Chef Jakub – Written By Stephen Fahey. Part 44
It took us all of one day to realise that food played an immense, influential role in the life of the islanders. We didn’t speak their language but some traders and a small percentage of the local population did speak ours, so we made do. For the first few months my brother and I developed recipes and enjoyed the sunshine and the intoxicating variety of foods available on the island. All the sea-bound trade that passed carried such a wide selection of ingredients as to rival the markets of The Gulf. Olives, fish and oils dominated the island’s kitchens. There was so much character in those simple items as to bring a delicious chorus of flavour and invitation to the table such that nothing needed to be added nor taken away.
Despite the perfect location of the island as a post on a centuries old trading route the islanders all preferred produce grown in their own fields. I couldn’t blame them. The rich volcanic soil there creates yields that are superior to any other crops I have ever seen. Not to mention that, when Luke and I first tasted tomatoes grown on that volcanic soil under the serum’s influence, we both melted with what can best be described as an infantile glee. The flavour of such food is so old that one can feel the brooding truth of time that hides beneath the surface of that which we all take for granted. There was a smokiness to it, like an aged or cured meat that is so perfect as to seem almost synthetic. I doubted any man or woman could recreate such flavours absent the serums’ sweet melody.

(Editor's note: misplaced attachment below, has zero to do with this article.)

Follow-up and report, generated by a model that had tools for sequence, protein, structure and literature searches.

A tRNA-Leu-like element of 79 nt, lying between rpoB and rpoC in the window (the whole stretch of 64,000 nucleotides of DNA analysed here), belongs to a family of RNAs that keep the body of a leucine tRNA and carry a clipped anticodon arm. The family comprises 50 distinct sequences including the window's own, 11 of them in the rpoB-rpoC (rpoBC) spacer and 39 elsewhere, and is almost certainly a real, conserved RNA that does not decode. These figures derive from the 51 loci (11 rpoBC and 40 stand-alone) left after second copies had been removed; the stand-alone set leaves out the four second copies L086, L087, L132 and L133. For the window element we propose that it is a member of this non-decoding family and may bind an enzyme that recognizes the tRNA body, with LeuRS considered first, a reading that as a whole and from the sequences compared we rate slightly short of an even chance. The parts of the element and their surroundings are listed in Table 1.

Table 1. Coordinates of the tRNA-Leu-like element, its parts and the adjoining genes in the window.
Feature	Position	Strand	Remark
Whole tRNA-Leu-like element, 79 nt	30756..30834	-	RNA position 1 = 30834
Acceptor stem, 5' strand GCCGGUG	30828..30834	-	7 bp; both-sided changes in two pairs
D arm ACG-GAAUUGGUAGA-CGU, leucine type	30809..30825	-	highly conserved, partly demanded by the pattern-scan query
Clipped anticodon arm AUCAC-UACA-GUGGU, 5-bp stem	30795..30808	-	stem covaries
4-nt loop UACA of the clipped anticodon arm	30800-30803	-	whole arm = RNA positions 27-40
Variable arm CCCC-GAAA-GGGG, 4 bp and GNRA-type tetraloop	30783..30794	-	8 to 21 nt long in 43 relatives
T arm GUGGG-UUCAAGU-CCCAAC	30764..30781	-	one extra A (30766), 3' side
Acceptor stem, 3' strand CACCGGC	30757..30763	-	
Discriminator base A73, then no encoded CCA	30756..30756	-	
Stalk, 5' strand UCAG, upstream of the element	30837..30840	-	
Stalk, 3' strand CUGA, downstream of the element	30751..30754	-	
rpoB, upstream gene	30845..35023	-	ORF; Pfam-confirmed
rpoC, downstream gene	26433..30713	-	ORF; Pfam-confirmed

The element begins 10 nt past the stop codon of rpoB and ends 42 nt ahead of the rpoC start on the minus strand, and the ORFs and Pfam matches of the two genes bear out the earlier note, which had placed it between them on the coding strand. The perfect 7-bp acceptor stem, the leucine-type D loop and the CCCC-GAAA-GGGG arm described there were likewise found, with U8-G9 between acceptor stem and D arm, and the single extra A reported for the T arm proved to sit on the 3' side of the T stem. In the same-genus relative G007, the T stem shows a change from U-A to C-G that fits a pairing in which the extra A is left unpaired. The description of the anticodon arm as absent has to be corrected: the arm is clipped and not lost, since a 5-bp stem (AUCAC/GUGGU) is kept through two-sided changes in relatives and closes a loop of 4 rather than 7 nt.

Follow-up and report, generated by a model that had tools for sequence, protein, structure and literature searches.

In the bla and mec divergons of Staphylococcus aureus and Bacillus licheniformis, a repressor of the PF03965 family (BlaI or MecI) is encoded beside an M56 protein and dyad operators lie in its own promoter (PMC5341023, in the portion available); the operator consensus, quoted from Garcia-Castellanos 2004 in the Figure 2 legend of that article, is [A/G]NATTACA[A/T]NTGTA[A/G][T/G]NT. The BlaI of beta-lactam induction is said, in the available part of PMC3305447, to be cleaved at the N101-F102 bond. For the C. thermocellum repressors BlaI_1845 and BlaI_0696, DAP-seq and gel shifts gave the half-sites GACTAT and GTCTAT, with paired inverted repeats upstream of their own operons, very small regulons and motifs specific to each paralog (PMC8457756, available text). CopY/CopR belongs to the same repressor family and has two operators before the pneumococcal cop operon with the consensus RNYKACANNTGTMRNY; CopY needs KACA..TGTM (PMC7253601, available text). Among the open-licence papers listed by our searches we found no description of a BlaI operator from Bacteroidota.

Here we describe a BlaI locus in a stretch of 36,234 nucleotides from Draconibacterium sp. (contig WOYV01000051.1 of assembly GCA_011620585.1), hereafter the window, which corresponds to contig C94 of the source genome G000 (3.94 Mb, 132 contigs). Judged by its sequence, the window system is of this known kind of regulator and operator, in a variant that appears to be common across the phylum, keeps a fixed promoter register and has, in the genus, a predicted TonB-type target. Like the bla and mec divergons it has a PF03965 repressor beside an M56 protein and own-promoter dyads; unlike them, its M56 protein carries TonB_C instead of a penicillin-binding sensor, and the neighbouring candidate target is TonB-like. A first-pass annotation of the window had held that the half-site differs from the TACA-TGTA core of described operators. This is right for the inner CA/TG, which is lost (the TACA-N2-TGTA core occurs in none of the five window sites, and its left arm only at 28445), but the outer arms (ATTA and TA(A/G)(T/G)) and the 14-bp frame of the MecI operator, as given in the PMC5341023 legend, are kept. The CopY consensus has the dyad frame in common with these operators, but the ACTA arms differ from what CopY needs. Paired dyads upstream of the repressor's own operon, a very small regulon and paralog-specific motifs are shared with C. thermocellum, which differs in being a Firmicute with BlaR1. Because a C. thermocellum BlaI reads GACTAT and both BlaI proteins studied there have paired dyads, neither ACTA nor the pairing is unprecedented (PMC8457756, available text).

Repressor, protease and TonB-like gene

Then, once we started cooking again both myself and my dear brother took it upon ourselves to reinvent the culinary linage of the island. We travelled north until we reached the ocean, eating everything we could find along the way. Then we travelled west and ate our way to the westernmost point on the island. Then south, then east. And then inland. It was almost a full year by the time that we had completed our tour of that magnificent culture. We met old women, all of whom were named Mama, and stout old men who sat in parks every evening and argued with a glorious excitement about them. We heard strange wind instruments made from goat hide and wooden pipes. We learned some of the words the locals used and delighted in the vibrancy of their disagreements, both faux and genuine. They were wondrous people of contrast and good taste who lived slow and steady in an actual paradise. I would have stayed there forever if I could have. Even Luke voiced the same soundings alluding to remaining on the island. It was a simple place of vast impressions that remain with me even now.
After we had seen the inside of the island Luke and I settled into the role of field hands on a vineyard near the peak that dominated the eastern half of the island. The hours were long, but there was a break for a few hours in the middle of the day when wine and cheeses were indulged in before the rather lethargic pace continued. Luke and I kept to ourselves, never getting drunk or arguing with anyone, but we never forgot our true desire. We bided our time and tested our recipes each week, taking turns to enjoy the serums’ magic. Once we were certain that we had created something worthwhile we set about hosting our employer, his son and his son’s wife. They were pleasant people, uncomplicated yet wise. The son, Zito was in his fifties and his wife, Tina was a large and delightful woman. The father, a quiet gentleman with pants that reached far too high up over waistline, was named Tomassino. In the months that Luke and I had spent with them they had each learned that I used to cook, but had had no reason to believe that I had been anything more than amateur.